waiting games

Further to earlier post and all manner of Facebook statuses, some funnier than others:

The first-person experience of my hospital stay now more closely resembles an absurdist play than a Buddhist sutra (“well Didi, Dr. Godot called to say he will not operate today, but surely he will tomorrow”). Today was the first day I was told that the swelling in my foot had gone down enough to operate. I was like, really? sweet. Of course, there were “fifteen people” ahead of me in the queue; fifteen seems like a large number, but I’m not sure whether that was the actual number or the doctor’s figurative way of saying “many”. At least it’s comforting to know that the swelling, as bad as it still looks, is no longer the limiting factor to getting treatment here.

Sure enough, no sooner had they stuck a new cannula in my hand and started me on fluids again than the orderly came by and told me I had already been bumped off the list. I guess all it takes is one more life-threatening trauma to knock the non-life-threatening traumas farther down the list; this is the nature of emergency care. I don’t know how different this aspect of the operation would be in the States or another country without single-payer health care, but if it means someone could die while I was getting my ankle fixed, I’m not going to complain about being delayed again.

The food service is hilariously messed up by the uncertainty, and I think I’m starting to understand better why my meal selections have been so haphazardly honored. Since surgery requires fasting, and since menus are planned a day in advance, any change of plans for when I’m having surgery throws the caterers completely off their game. I had an early breakfast this morning and expected nothing else all day; then surgery was cancelled and I got breakfast number two, as well as an early lunch, which had two sandwiches (one chicken salad and one roast beef, I guess because that’s what they had left over after the other patients had all eaten) which I got from the team that gave me an early breakfast, who must not have talked to the regular caterers. I’m half expecting to see my actual vegetarian lunch arrive more or less on time, after I’ve eaten the custard and the sandwiches have gone off.

In short, it’s probably hard to be agile and spontaneous and plan effectively for changing circumstances when everything you do requires a significant amount of lead time, as it must in a large organization or facility trying to take advantage of economies of scale.

As full of laughs this barrel is, though, every day I stay here is costing me basically an unknown amount of money. The regular procedure before going to the hospital, according to my insurance company, is to call their number to discuss what benefits are covered and to what extent, which hospital would in light of this be best to go to, and to discuss with each individual doctor I see (geez) what the “gap” between benefits and their cost is likely to be. That call center is, unsurprisingly, closed over the long holiday weekend, so I may not get to even tell them I’m here until after I’ve come out of surgery. My policy says hospital stays and surgery in public hospitals are covered, but since I have a foreigner’s plan they won’t say exactly what fraction of that cost will be covered. To find out I have to call them during regular business hours. Derp.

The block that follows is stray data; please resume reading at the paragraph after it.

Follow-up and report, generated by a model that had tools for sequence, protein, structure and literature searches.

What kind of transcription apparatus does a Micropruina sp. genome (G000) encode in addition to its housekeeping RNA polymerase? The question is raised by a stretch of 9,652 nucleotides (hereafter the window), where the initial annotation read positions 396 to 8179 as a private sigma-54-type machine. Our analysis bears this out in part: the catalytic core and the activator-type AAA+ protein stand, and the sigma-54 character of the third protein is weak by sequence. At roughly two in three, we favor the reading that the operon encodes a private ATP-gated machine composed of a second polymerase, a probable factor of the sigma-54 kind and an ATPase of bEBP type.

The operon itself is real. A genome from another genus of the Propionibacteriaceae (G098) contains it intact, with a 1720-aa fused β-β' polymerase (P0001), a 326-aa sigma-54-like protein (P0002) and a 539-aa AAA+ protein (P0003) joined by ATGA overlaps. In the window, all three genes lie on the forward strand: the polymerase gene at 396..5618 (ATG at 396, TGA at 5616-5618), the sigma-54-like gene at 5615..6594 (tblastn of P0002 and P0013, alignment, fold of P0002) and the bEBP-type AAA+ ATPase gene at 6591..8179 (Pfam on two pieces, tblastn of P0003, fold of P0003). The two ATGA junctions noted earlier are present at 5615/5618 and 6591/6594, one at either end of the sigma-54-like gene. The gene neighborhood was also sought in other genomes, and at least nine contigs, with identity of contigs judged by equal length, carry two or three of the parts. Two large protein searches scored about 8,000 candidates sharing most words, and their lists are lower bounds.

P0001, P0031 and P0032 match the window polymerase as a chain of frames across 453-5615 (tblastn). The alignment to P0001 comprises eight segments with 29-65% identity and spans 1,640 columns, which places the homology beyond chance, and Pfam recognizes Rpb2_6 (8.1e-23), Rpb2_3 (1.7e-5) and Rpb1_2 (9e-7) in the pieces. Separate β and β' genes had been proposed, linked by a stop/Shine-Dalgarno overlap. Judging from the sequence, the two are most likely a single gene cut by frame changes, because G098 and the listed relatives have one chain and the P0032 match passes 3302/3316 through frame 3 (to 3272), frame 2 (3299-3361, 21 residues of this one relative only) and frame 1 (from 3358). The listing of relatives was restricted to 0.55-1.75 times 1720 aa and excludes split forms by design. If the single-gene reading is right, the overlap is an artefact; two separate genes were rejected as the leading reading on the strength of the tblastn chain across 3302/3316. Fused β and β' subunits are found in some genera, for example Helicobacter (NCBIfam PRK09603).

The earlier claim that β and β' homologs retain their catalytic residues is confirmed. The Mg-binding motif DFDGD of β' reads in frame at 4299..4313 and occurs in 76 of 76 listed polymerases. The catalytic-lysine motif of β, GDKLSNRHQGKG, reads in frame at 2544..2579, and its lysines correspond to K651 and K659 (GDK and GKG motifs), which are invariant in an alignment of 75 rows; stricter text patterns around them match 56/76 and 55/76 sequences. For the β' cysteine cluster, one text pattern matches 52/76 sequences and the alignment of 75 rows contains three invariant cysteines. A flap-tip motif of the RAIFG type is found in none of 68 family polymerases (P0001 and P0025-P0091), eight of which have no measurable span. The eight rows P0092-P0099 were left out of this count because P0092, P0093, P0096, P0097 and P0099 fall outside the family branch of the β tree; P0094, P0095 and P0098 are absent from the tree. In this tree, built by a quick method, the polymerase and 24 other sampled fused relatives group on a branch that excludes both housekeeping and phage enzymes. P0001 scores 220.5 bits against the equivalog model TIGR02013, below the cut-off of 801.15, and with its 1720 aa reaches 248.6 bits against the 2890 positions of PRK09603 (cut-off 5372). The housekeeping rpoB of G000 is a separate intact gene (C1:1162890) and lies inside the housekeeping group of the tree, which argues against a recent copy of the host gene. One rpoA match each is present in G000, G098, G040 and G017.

The only sensible thing I can think to assume is that emergency trauma, by its very nature, has to play by different rules. Canberra Hospital in Woden (my current environment) is, as Em and others tell me, not only the first place we thought of but the only place in the ACT with an emergency room at the scale necessary to do everything I needed. Even if I’d been triaged at another hospital which happened to be open, it is likely I would have been transferred here in the end. I’m certainly paying for the high-end hospital cover here, but this is the first time I’ve had to use it.

It would be ironic if, in the land without medical bankruptcy because of a single-payer health care system, this ended up being very expensive for me because I’m not part of the single-payer health care system. But this kind of thing has got to be why Australian immigration insists on people having a certain minimal level of private health cover when they take a visa to come and work here in Oz — I would hope roughly equivalent to the level of cover the national system provides. I may have to see if I can talk to someone about the unvarnished schedule, just so I can have an upper bound for my treatment — as much as a new car? as much as the down payment on a house? — and then I can keep my expectations low and be pleasantly surprised if my cover ends up paying a large fraction of it.

Then again, maybe this will all just be a hilarious cultural misunderstanding in the end because this is of course why people have health insurance. With all the insane talk about rising health care costs I’ve seen in my native land, though, I don’t think I’ll believe anything until I actually see the bill. Till then, I’m going to sit here in bed and review the process for applying for permanent residency.


About Richard

I'm an American scientist who is building a new life in Australia. This space will contain words about science and math, but also philosophy, policy, literature, my travels, occasional rants, all sorts of things I find strange and awesome. The views expressed in this blog do not necessarily reflect the opinions of my employer at the time (currently University of Sydney), though personally, I think they should.
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